Sunday, June 5, 2016

And now a word about places in Hell, from the expert

"The hottest places in Hell are reserved for those who in time of moral crisis preserve their neutrality."

That line from Dante's "Inferno" was sent to me the other day by my friend Richard Gordon, and it speaks a truth about what is so terribly chilling about the almost unanimous failure of Republican officialdom to take any kind of principled stand on Donald Trump's morally repugnant campaign of reckless conspiracy theory, personal insult, race baiting, and threats to use the power of the presidency to exact personal revenge.

Paul Ryan, John McCain, Mitch McConnell, and almost every other prominent GOP official have been acting as if they can pretend nothing out of the ordinary is happening to their party, express their formulaic Support for the Party's Nominee—and otherwise just lay very low and hope somehow they'll get through it all.

The degree of laying low is truly extraordinary, as Jim Fallows points out at The Atlantic, where he has been blogging on the Trump campaign: not a single GOP official for example uttered a word in reply to Hilary Clinton's full-bore attack on Trump the other day, a silence that is just mind-boggling by any normal political standards.

McCain has been the most extraordinary. Approaching his 80th birthday, facing a tight reelection contest in his heavily Hispanic state of Arizona, McCain, who once gloried in describing himself a "Maverick," has meekly toed the line of endorsing Trump, refusing to challenge any of the candidate's most toxic observations, blandly suggesting that we need not worry Trump will abuse the powers of the presidency since "we're not Romania," yet at the same time vainly hoping to give a wink-wink indication that his endorsement really doesn't mean anything by making little wan wisecracks every now and then, such as starting a speech to a Hispanic business group in Arizona the other day with a little Trumpesque parody ("We're going to make America great again and it's going to be yuge, OK?").

But as Dante observed, moral hedging and timorous acquiescence in the face of evil is even more opprobrious than open support: it palliates the evil, makes it seem ordinary and acceptable to the mass of men always reluctant to rock the boat; it is precisely why good people remain silent until it is too late to do anything.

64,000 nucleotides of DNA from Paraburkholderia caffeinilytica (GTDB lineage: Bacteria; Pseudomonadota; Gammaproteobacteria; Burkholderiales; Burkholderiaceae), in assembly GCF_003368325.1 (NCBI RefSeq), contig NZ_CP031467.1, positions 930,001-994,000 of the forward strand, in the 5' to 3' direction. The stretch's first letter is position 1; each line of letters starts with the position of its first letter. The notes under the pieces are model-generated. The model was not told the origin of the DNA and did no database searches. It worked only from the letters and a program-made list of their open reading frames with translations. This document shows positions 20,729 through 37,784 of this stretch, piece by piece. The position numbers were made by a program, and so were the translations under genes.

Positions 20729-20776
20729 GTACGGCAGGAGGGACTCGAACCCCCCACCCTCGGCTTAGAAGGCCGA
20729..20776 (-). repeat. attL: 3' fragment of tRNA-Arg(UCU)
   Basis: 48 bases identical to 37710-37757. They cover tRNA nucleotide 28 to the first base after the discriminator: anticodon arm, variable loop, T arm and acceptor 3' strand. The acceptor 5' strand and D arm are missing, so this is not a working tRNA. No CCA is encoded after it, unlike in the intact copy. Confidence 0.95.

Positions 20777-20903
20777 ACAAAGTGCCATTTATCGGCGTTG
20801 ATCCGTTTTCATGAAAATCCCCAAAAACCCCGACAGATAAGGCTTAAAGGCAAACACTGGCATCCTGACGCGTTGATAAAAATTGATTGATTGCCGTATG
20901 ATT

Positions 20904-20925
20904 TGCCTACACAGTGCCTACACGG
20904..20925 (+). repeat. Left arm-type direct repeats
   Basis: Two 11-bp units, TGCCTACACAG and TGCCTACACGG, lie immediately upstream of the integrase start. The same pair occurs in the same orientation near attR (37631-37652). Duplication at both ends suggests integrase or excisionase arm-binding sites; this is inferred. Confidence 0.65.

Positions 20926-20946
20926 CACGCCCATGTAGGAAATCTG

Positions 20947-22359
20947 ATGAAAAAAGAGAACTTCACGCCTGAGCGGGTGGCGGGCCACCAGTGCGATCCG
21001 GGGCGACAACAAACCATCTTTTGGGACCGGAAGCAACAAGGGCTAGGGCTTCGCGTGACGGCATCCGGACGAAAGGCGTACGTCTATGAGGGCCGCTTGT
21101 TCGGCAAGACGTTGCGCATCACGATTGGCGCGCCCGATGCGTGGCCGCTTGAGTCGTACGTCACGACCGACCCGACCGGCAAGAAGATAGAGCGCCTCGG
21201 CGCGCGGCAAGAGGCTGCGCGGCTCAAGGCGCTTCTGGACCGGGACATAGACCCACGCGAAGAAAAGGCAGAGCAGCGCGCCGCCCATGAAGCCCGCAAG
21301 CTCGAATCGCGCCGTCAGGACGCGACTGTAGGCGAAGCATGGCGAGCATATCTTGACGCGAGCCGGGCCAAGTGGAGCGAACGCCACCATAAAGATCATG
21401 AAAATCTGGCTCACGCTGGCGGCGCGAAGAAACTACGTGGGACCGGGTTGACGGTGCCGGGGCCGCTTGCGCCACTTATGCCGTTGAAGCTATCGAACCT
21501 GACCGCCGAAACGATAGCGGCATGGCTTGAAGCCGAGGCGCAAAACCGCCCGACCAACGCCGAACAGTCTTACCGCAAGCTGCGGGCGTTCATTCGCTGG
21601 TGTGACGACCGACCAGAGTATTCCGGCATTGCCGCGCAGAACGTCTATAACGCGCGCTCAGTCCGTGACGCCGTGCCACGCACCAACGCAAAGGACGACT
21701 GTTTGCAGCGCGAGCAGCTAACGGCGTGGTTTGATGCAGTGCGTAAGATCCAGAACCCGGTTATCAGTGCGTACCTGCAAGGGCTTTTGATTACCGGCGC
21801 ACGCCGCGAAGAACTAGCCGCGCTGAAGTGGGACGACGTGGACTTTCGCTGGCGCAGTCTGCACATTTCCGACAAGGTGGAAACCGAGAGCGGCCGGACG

Perhaps most of the GOP establishment hedgers are banking on Trump's losing the general election, and thus sparing them the difficulty of having to take any real moral stand or commit themselves in public in any way that might hurt their standing in The Party down the road. They clearly are uncomfortable with the open racism of Trump's recent attacks on Judge Curiel, and yet even on an issue that should leave no room for the least moral ambiguity, what we have heard are little more than "I don't condone the comments" (that from Republican Sen. Bob Corker) kinds of tut-tutting.

Interestingly, it was Newt Gingrich, an enthusiastic Trumpista, who was the most firm, calling "inexcusable" Trump's accusation that Curiel has "an inherent conflict of interest" because he's "a Mexican." But then Gingrich immediately undid any moral force behind that indictment by treating Trump's "inexcusable" statement as merely but a little tactical misstep, which he can correct by becoming more polished as he moves into the general election: "He's got to move his game up." (Corker for his part explained that he was not advising Trump to change his views, but merely expressing the hope that the candidate is "talking to the right people" so his campaign can "evolve.")

What will it take for any of the Republican establishment to draw an actual moral line, and say that their nominee is so at odds with the values of the country that they will put their country first, their party second?